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Amazing Thailand This work has been published in the Teen Ink monthly print magazine.

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     Last Christmas, I took a three-week trip to what the travel company called "Amazing Thailand" with my mom and aunt. It was a wonderful and exciting trip, although as a pampered American teenager, I was a little disgruntled about driving in a bus up the highways of Thailand, a little displeased with the less than five-star hotel with creaky rollaway beds, and a little cranky about our unsatisfactory tour guide Boeing (as in 747). Boeing, who was less fluent in English than he liked to admit, tended to mistake the meanings of our questions and would talk-talk-talk, earning him the nickname Boring Boeing.

In Thailand, there are many things to do, places to pray, and Buddhas to see. And although I found the first five temples and the first 27 golden, stone, and moss-covered Buddha statues fascinating, my interest waned when the tally marks on my "Buddha list" reached 45 - shopping was a bit more to my liking.

Given that, one hot January day my family and I decided to visit the famous Chatuchak market. The surly hotel manager informed us that taking public transport was the simplest way to get there. With relative ease we purchased our tickets and boarded the train, and I took for granted its cleanliness and state-of-the-art design. When my mom commented on the spotlessness, I remember saying, "Well, Bangkok is a modern city, right?" And it certainly is, complete with skyscrapers and lots of traffic and smog.

In stark contrast to the air-conditioned train, a gust of oppressively humid air blew into my face as I stepped off onto the platform. I was swept down the stairs by throngs of Thais and tourists, but between heads and city maps, I caught glimpses of shapes huddled on the floor and slumped against the wall. Naively, I wondered if they were burlap sacks and blocks of concrete; maybe they were fixing the sidewalk? Craning my neck, I suddenly realized that these shapes were people, some horribly crippled. My stomach turned. One boy lay unmoving and face down on the sidewalk, change cup at his ear, with only stumps for arms and legs. Women clutched children swaddled in rags to their breasts, scrawny little legs bent up to their chins; kids who would be in kindergarten or first grade if they lived in Los Angeles.

The sight of the malnourished children spurred many hands to dig deeper into their pockets. These were not your everyday Los Angeles homeless, bedecked in ancient Birkenstocks and pushing mutts in shopping carts. This was misfortune as I had never witnessed - disease and destitution of the very worst kind. It was my first encounter with impoverishment to this degree, and I have seen nothing like it since. I turned from the gut-wrenching sight only to meet a pair of dark eyes gleaming out of the wizened face of an old woman, her nose sunken, destroyed from leprosy. My ears rang with pleas and cries in a garbled mix of English and Thai: "Please, please, miss ... Thank you sir, sawasdee ... please ... "

The phrase "Time and tide wait for no man" could not have been more appropriate as the waves of people hurrying to get the market's best bargains surrounded me. Looking lost and feeling dizzy, I was swept off to the market gates. The rest of the day was fairly ordinary, right down to the overwhelming smell that I was beginning to get used to - the stench of fish, fish sauce, fish oil ... fish everything, you name it. I only felt a small but distinct and unfamiliar disquiet as I wandered the congested alleyways looking at crafts and fake Dior purses. The cries that echoed in my head were drowned by the merchants hustling their wares in a vigorous mix of sign language, Thai and occasional English phrases: "Very good price! Nice, nice bag! Cheap!"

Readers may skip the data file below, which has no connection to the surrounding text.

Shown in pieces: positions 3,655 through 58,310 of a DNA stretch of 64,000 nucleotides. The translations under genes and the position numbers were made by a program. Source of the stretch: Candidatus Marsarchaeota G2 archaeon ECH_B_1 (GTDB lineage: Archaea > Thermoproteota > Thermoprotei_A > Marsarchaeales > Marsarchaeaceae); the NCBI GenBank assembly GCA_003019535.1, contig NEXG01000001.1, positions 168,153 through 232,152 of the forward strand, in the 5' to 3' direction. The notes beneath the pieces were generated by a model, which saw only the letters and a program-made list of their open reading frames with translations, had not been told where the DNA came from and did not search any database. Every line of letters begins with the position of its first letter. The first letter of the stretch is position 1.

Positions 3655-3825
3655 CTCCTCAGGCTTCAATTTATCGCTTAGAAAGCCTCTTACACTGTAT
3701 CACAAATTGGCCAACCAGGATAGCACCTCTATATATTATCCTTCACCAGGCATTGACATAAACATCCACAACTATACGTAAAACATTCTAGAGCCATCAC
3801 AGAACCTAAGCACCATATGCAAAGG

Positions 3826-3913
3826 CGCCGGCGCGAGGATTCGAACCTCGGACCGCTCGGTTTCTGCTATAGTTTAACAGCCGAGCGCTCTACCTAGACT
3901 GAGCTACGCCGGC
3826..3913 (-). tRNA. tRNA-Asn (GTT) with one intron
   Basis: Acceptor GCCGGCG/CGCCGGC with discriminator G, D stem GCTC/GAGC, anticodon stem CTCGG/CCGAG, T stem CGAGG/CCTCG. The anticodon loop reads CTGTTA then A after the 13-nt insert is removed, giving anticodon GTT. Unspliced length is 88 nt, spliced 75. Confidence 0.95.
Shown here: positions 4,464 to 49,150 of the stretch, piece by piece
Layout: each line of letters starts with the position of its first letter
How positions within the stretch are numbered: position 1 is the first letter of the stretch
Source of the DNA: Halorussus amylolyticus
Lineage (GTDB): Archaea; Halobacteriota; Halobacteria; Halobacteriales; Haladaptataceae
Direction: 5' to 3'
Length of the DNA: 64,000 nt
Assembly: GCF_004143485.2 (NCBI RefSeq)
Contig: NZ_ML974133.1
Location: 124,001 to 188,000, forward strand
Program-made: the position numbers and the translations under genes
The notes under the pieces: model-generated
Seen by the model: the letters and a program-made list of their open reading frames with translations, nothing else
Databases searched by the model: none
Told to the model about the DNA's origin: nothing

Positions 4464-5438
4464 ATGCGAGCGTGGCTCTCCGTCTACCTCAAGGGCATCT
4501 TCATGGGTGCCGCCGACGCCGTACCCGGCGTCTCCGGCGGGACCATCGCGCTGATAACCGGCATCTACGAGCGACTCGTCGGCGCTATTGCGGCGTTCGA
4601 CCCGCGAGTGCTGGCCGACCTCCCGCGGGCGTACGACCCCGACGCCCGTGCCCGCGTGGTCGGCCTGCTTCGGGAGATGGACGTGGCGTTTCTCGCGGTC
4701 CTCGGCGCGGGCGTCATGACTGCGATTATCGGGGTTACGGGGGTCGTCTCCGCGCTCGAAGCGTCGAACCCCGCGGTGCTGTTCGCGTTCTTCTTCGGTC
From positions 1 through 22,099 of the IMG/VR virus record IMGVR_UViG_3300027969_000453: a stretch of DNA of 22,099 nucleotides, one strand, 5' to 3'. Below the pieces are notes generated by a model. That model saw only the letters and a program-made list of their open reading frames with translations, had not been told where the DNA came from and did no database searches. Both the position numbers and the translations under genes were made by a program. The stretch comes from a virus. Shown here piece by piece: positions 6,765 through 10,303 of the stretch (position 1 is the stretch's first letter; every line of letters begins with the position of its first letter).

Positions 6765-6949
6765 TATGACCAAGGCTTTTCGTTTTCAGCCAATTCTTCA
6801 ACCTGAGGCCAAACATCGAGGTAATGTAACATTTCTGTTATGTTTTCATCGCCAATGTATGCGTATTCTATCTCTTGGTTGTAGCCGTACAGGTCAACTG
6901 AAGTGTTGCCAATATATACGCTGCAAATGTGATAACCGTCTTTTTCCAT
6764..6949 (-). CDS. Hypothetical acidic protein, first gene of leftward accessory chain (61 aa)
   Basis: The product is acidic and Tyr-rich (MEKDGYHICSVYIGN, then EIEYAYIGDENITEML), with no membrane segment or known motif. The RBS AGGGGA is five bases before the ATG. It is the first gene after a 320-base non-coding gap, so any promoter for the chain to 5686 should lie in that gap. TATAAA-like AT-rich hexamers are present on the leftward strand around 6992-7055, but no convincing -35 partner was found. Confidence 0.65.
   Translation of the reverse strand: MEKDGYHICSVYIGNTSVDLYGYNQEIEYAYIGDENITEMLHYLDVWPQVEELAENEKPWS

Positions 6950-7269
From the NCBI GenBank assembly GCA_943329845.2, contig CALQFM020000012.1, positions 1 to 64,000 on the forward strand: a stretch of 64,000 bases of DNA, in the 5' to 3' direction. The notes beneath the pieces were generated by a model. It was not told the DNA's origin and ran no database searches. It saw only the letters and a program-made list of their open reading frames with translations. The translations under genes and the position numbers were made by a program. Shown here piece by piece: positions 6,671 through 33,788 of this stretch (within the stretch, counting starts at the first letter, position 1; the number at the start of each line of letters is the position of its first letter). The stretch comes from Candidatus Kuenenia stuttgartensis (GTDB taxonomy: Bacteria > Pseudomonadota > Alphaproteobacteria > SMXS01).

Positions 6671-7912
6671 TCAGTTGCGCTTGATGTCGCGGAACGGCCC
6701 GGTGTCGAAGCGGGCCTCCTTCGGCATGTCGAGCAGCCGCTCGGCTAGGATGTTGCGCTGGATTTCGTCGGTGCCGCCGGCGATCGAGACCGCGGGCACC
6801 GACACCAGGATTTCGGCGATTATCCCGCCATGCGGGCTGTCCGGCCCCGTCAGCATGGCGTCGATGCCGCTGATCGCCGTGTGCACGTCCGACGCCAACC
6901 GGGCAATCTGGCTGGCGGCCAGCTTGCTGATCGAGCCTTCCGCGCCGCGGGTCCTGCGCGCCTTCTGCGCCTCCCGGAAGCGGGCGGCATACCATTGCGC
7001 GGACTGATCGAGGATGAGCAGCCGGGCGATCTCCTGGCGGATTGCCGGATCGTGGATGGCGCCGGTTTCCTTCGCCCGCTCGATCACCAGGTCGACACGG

When we left the market, I bent my head, ashamed of the packages in my arms, and hurried up to the platform without looking left or right. But I didn't have to look - it was as if the picture had been burned into my eyes. Back at our hotel, I tried to go to sleep, but instead I was haunted by a pair of dark eyes staring at me, dirty feet poking out of a torn baby blanket, and a boy lying face down on pavement.

For the rest of the trip, I tried to put the graphic images out of my mind and replace them with visions of parasailing and pad thai, but I did not succeed. This was different from the news flashes of starving Africans and kidnapped beauty queens to which I so easily turned a blind eye in favor of the new episode of "Friends."

Like Alice, I had fallen into a whole different world, but this was no Wonderland. There was no way I could have come out of that world back into my own sheltered one unscathed. And while I did not run home and immediately begin an altruistic charity campaign building hospitals, I was made indisputably more aware of the situation in other countries. The gap between the lives of most Americans and the extreme poverty of third-world countries is unfathomable until you witness it with your own eyes. I confess that I still occasionally feel a pang of envy when I see a classmate wearing a Prada dress straight off the runway, but the green-eyed monster can't compete with the images of the people in Thailand who get up every morning to beg for scraps because they have no choice.

And forever ingrained in my mind are the haunting images of a pair of dark eyes staring back at me, dirty feet poking out of a torn baby blanket, and a boy lying face down on pavement.

This work has been published in the Teen Ink monthly print magazine. This piece has been published in Teen Ink’s monthly print magazine.






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